Blender model

(Ebinshabu) #1

how to import a blender model directly in rust using amethyst

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(Joël Lupien) #2

You will want to export the model to the gltf format from blender, and import it in amethyst using the gltf prefab format. Check the gltf example for more details :slight_smile:

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(Ebinshabu) #3

->did you know what is mean by .ron file and how to create it
->is it possible to convert a blender model to .ron file

(Gray Olson) #4

.ron is the file extension for the Rusty Object Notation format (https://github.com/ron-rs/ron). It is sort of like JSON but for rust. You can’t “convert a blender model to a .ron file”, but you can export a blender model into the GLTF format, and then create a .ron file manually which references the GLTF model you exported from Blender and will then allow you to load it within Amethyst.

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(Ebinshabu) #5

is .ron is like xml

(Gray Olson) #6

Sort-of… yea it’s similar but has a different syntax

(doomy) #7

Someone correct me if I’m off the mark, but in Amethyst, ron files usually are describing metadata of some sort. So to expand on termhn’s example, whatever Blender exports needs an additional ron “metadata” file so that Amethyst knows how to use it.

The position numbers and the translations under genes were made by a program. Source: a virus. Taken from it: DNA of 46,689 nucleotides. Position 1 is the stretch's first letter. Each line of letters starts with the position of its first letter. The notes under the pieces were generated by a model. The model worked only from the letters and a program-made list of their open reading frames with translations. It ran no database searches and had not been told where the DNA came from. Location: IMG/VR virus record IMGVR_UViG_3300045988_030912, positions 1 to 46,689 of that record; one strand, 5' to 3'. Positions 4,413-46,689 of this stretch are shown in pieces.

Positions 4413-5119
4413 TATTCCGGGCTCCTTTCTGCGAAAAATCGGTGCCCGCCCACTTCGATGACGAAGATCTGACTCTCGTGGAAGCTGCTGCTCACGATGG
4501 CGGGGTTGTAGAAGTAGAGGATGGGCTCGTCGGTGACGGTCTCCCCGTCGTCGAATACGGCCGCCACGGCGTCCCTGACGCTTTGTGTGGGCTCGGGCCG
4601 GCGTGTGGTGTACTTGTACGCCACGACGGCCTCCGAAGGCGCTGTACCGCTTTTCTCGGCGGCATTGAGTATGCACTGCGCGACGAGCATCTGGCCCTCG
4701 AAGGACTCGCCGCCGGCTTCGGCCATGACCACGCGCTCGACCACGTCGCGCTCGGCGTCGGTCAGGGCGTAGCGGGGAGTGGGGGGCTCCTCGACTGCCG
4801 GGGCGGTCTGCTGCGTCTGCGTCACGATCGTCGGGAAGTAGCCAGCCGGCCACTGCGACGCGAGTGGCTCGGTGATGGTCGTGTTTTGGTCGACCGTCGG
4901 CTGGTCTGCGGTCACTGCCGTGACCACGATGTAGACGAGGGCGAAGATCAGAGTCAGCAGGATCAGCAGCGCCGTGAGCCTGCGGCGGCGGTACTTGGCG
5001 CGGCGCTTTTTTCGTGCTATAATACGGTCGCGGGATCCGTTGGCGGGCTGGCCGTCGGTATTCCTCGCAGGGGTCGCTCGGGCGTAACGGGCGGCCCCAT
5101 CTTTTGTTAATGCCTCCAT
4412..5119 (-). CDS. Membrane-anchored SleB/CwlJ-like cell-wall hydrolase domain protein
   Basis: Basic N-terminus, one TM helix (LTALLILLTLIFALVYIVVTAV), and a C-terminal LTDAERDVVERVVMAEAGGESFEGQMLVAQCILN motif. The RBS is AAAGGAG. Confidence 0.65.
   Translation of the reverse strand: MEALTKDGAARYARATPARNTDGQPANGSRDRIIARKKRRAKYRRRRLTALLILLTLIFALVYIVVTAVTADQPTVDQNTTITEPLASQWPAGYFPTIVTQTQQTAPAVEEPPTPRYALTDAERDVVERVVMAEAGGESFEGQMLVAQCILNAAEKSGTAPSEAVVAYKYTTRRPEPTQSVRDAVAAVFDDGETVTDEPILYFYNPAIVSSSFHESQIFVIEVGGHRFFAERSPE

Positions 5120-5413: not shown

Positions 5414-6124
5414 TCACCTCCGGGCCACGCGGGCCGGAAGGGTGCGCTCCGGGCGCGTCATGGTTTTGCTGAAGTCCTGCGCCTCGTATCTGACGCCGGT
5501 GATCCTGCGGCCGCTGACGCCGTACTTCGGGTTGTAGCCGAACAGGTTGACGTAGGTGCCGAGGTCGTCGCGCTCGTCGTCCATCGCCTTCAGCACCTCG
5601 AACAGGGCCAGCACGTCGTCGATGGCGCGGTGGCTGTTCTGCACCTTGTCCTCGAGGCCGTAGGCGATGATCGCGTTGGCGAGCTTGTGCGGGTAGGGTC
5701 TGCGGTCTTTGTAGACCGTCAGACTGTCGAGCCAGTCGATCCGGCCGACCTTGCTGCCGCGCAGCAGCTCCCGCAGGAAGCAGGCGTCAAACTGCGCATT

Let’s say you have a simple Sprite Sheet in PNG format. As you can see, the image is split into a bunch of smaller images. However, the PNG format doesn’t tell us anything about how that image is divided. Hence, we need .ron “metadata” files to tell Amethyst where each sprite on the spritesheet is located, so we can use it in game.

This is a simplification, and ron is used beyond this purpose, but for getting started I think it’s a decent explanation.

To again expand on termhn’s response, ron and xml are actually pretty similar in purpose. If you’ve heard of yaml or json or even csv, they’re also similar. ron is just a way of representing data declaratively.

One big benefit to ron is that it was designed with Rust in mind, so it integrates easily to the language. For example, enum types are not found in languages like json, as json only really has strings, bools, and numbers (again, simplified). ron is also less verbose than XML, which makes human reading and editing much easier.

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(Ebinshabu) #8

so instead of xml can we use .ron for gui development

(Marco Alka) #9

@ebinshabu

instead of xml can we use .ron for gui development

yes, you can create “prefabs”, which contain your UI or part of it. From the examples here’s how a pause screen prefab in a .ron-file might be stored for Amethyst v0.10:

#![enable(implicit_some)]
Label(
    transform: (
        id: "paused",
        anchor: Middle,
        x: 0.,
        y: 0.,
        width: 200.,
        height: 50.,
        transparent: true,
    ),
    text: (
        text: "Paused",
        font_size: 25.,
        color: (1., 1., 1., 1.),
        font: File("font/square.ttf", ("TTF", ())),
    ),
)
(doomy) #10

I will make a distinction here that HTML (and sometimes XML) can be the actual document that is read and from which a GUI is created. In .ron, you can get similar results, but the ron file is describing what needs to be constructed to run, and is not directly displayed from the file itself. In other words, that means you can’t simply open a ron GUI file and expect to see your GUI, you need to write some code to go along with it and tell Amethyst how it should be handled.

AFAIK, It’s a way of representing data, not a standard from which a GUI can be directly constructed (although that would be neat).